In the weeks following the February 2010 suicide pilot's attack on an Internal Revenue Service office in Austin, Texas, IRS employees were timely in treating the counseling needs of colleagues, setting up temporary office space and resuming operations without compromising sensitive taxpayer data, according to a watchdog's report released Thursday.
The Treasury Inspector General for Tax Administration said in an audit dated Sept. 21 that the IRS had effectively followed procedures to resume work within 18 calendar days of the attack by an individual flying a single-engine aircraft who was disgruntled with his tax situation. One IRS employee died, and 13 were injured.
TIGTA auditors did criticize the agency's business resumption plans for the Echelon Building in Austin -- charging that some elements were missing -- and said the salvage plans to recover documents lacked some security provisions. But "these issues did not have a material impact on the IRS' response," said J. Russell George, Treasury Inspector General for Tax Administration.
IRS changes after the attack, the report noted, included increasing the number of security guards at all taxpayer assistance centers nationwide and at the IRS buildings in Austin, coordinating with the Homeland Security Department and the FBI on investigating the incident, awarding a contract to conduct risk assessments of physical security at IRS facilities across the country, and forming a working group of senior managers to examine the execution of the agency's armed escort program.
Responding to a draft of the report, IRS officials agreed with recommendations for improving continuity plans as well as the lessons learned. The lessons at the executive level include respecting the importance of taking evacuation drills and tabletop exercises seriously, identifying and establishing a network of external sources who offer assistance to trauma victims of disasters or emergencies with numerous other federal and state agencies, and identifying IRS employees nationwide with prior experience in providing direction during emergency situations.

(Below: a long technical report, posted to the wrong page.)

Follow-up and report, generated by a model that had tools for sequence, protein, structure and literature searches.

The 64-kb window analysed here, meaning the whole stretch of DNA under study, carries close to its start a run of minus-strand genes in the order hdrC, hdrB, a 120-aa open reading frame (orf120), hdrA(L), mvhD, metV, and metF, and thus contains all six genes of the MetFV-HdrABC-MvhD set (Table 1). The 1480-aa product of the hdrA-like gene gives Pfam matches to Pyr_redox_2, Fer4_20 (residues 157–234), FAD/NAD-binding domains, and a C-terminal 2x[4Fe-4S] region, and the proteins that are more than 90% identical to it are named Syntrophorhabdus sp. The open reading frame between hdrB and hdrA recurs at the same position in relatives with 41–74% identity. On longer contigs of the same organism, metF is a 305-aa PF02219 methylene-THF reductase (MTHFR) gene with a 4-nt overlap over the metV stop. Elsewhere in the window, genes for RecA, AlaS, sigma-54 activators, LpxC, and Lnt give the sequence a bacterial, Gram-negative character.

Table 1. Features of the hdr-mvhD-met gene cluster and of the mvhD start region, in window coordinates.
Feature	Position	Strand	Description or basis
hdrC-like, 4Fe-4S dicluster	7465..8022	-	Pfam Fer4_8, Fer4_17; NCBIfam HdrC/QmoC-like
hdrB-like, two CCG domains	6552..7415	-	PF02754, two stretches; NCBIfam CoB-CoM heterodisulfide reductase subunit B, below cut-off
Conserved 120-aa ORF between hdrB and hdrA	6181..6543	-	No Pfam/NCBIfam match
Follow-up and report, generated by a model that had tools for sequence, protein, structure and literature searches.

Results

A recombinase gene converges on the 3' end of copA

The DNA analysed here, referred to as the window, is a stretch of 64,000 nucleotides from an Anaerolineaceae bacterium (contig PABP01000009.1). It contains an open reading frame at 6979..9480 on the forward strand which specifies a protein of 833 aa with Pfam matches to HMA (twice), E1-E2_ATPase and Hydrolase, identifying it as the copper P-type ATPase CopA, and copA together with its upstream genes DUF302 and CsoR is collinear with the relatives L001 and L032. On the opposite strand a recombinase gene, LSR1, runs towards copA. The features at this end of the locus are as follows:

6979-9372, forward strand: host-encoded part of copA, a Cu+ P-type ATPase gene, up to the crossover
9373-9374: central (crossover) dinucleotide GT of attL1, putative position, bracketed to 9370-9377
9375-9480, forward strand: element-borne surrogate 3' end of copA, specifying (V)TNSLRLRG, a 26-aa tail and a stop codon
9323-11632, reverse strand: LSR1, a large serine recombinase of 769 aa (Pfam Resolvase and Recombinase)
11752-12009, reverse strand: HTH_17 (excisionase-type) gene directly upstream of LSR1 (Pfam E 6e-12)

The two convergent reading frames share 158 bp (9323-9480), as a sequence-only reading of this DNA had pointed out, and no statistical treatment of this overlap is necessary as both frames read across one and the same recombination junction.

Colleen Kelley, president of the National Treasury Employees Union, said in email that the report "rightly credits the agency with putting the needs of its employees in Austin at the top of its responsibilities in the post-attack period.
"The IRS worked closely with NTEU, at both the national and chapter levels, to promptly assess and address the needs of employees, including the psychological concerns arising from having their workplace deliberately struck by an airplane," she said. "In the days immediately after the incident, one of the primary concerns of the IRS employees involved was to return to work as promptly as possible, reflecting an understanding of the importance of their mission and their dedication to the needs of taxpayers."